However, before we start raising the bar on net throughput goals, there will also be the matter of refining staffing levels. None of what has been accomplished so far in the packaging center has been the result of throwing people at the problem. That certainly would have been easy to do: station one person at every hopper and a mob downstream from the stacker; turn up the run speed; and turn off miss/double detection on the inserter controller. The result would be shorter shifts, but no labor savings. The circulation and advertising directors might also have a few things to say about this approach after the calls started pouring in.
Excel with your employees
You’ll notice in Figure 3 that in addition to setting goals for net throughput, there is accompanying guidance for appropriate staffing, and that the body count also slides with the insert load. How could it be otherwise?
Since we have all the variables we need (run quantity, projected pieces per hour and body count), it isn’t a leap to calculate total projected man hours by run and compare that number to actuals from the end-of-shift reports. In that way, we’re able to deliver a true productivity metric: pieces per man hour.
For my paper, with some 40 insert runs per week (many of them commercial print runs that are deadline driven), the challenge in refining staffing will be to reorder runs, where possible. Each shift will need to begin with runs that are heavy on insert loads (and body count) and part-time employees will need to be sent home as the load lightens, later in the day. My packaging manager and his shift leaders have their work cut out for them. My Excel sheet stands ready to tell us how we’re doing.
To be sure, many packaging centers are tracking pieces per man hour, but what I think is novel here is that we understand it on a more granular basis, we’re keeping running tabs on it and can act upon our observations promptly, and none of this has come with an undue burden to me or my supervisory team.
An entirely different but no less useful implementation of an Excel spreadsheet solution is one I built for doing skills assessments in my pressroom. I’ve used this at two different papers to analyze the relative skill sets of my press operators, helping guide me in decisions about wage equity, performance coaching and career counseling, training needs and opportunities, shift realignments, and staff reductions.
This is not appropriate for (or a replacement of) an annual review, but with names excluded, it can be supplemental to that conversation.
Constructed originally for a shift consolidation and staff reduction project I orchestrated at another paper, it helped me make better decisions for my employer and justify to the HR director’s satisfaction that my actions wouldn’t leave the company vulnerable to spurious claims of unfairness. More recently, I’ve used it to support the argument for wage equity adjustments for apprentice-level operators whose skills were outpacing their compensation.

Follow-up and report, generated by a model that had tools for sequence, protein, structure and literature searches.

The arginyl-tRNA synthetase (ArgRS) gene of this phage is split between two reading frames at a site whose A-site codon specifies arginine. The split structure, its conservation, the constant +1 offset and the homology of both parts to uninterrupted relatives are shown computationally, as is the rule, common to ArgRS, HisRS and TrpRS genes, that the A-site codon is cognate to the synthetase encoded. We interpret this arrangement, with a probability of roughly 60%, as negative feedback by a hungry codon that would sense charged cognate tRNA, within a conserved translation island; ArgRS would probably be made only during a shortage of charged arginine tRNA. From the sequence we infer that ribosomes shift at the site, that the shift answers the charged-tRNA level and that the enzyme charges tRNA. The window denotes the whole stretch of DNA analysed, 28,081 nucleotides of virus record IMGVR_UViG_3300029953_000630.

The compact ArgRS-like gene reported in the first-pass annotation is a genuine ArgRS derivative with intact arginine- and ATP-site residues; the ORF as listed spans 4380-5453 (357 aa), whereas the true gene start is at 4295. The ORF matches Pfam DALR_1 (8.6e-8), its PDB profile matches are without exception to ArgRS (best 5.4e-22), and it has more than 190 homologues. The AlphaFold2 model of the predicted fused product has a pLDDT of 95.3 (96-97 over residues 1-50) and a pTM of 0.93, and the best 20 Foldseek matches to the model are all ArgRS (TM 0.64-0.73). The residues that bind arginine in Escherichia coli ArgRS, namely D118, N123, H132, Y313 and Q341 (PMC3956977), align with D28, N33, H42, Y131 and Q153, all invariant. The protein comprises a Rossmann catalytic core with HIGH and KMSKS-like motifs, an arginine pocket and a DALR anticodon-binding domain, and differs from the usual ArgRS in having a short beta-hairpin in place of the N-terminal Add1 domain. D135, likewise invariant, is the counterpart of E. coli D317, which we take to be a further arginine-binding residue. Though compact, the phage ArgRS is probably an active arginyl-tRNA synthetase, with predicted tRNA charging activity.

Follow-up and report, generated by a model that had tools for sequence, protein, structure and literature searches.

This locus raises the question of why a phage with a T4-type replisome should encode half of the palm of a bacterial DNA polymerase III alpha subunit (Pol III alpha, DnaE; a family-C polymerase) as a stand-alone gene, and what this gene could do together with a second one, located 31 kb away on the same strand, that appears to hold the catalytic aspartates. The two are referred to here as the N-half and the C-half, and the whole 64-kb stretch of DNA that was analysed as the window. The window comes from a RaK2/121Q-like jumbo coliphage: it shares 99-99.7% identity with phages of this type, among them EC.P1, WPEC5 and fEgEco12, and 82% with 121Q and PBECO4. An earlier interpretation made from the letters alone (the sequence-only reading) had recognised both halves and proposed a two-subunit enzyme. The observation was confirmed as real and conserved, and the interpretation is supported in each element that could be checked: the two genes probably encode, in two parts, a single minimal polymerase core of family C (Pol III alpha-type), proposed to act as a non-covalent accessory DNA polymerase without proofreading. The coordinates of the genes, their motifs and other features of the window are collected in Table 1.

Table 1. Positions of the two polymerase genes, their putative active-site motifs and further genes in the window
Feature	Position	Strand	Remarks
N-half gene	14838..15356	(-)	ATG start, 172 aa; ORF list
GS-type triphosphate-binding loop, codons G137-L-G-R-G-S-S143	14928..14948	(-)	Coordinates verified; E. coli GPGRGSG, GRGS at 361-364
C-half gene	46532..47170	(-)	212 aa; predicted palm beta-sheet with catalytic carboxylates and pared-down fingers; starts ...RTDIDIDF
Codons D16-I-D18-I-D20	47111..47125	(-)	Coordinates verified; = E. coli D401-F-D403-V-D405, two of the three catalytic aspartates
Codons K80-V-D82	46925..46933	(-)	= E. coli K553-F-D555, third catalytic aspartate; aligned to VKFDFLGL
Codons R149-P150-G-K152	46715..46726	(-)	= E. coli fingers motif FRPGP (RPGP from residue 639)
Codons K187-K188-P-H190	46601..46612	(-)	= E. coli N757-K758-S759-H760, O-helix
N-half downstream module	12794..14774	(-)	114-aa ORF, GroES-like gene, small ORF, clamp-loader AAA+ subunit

I started by asking the pressroom manager for a laundry list of press-specific skills he expected of his journey-level operators, e.g. setting folder, roll tending, registration, building impositions, Webbing the press, etc. He provided 30-plus skills for assessment, and we grouped them into three categories: maintenance, press operation, and mechanical/electrical. I added an “other” category to assess things like attention to detail, attitude, teamwork, communications, initiative, etc.
Based on the goals I had for my department and the needs the publisher had articulated for the company, I assigned a priority to each skill that would give it more or less weight in comparison to the others. Then I asked the pressroom manager and shift leaders to score their employees on a scale of 1 to 10 in each area of assessment.
Bar charts made it a cinch to see how the operators stacked up against each other in specific categories, and overall. Because some of our newer, apprentice-level employees scored very high in motivation, attitude and teamwork, and because I tended to weigh those work-ethic characteristics very high, the results in the case of my shift consolidation/staff reduction made a persuasive case for retaining my strongest apprentices in preference to our weaker operators who demonstrated attitude and motivational deficiencies.
I should note: seniority was not a skill upon which we evaluated the team, and it didn’t play a part in our determinations.
I’ll chalk up another win for a great measurement and reporting tool and its ability to help sidestep the “yeah, buts …” and “what ifs …” that might have otherwise derailed the optimum outcome for the paper.
More recently, I added a grid to the spreadsheet that calculates a skill-to-wage ratio for each operator, comparing him to a designated model employee and determining (for my benefit) whether the operator is over-or under-paid by comparison, and by how much. This is not a tool I’d use to broadly adjust compensation across a department, since there are always wage inequities and addressing them is not always possible, but it did highlight for me where and from whom we were getting a lot of value for our money, and where and from whom that wasn’t so much the case. It has helped inform me about the merit of wage adjustment requests as they arise so I can be selective about those I might pitch to my publisher. I’ve also used it to turn the question on its head, advising an employee or two where they need to grow and add value before I’ll go to bat for them on a wage adjustment. One operator who took that advice seriously is now an assistant shift supervisor. A win for us both!
I could go on and on about how I’ve used Excel to keep running track of on-time press starts and finishes, build elaborate tools for estimating commercial print jobs and generating quotes, and assist in managing our paper inventory and resupply. But some of these solutions are more tailor-made for our needs than universal.
As usual, I invite my peers to exchange ideas and solutions. Look me up on LinkedIn.com.
W. Eric Schult is the operations director at The Fayetteville (N.C.) Observer. Contact him on LinkedIn.com or at firstname.lastname@example.org.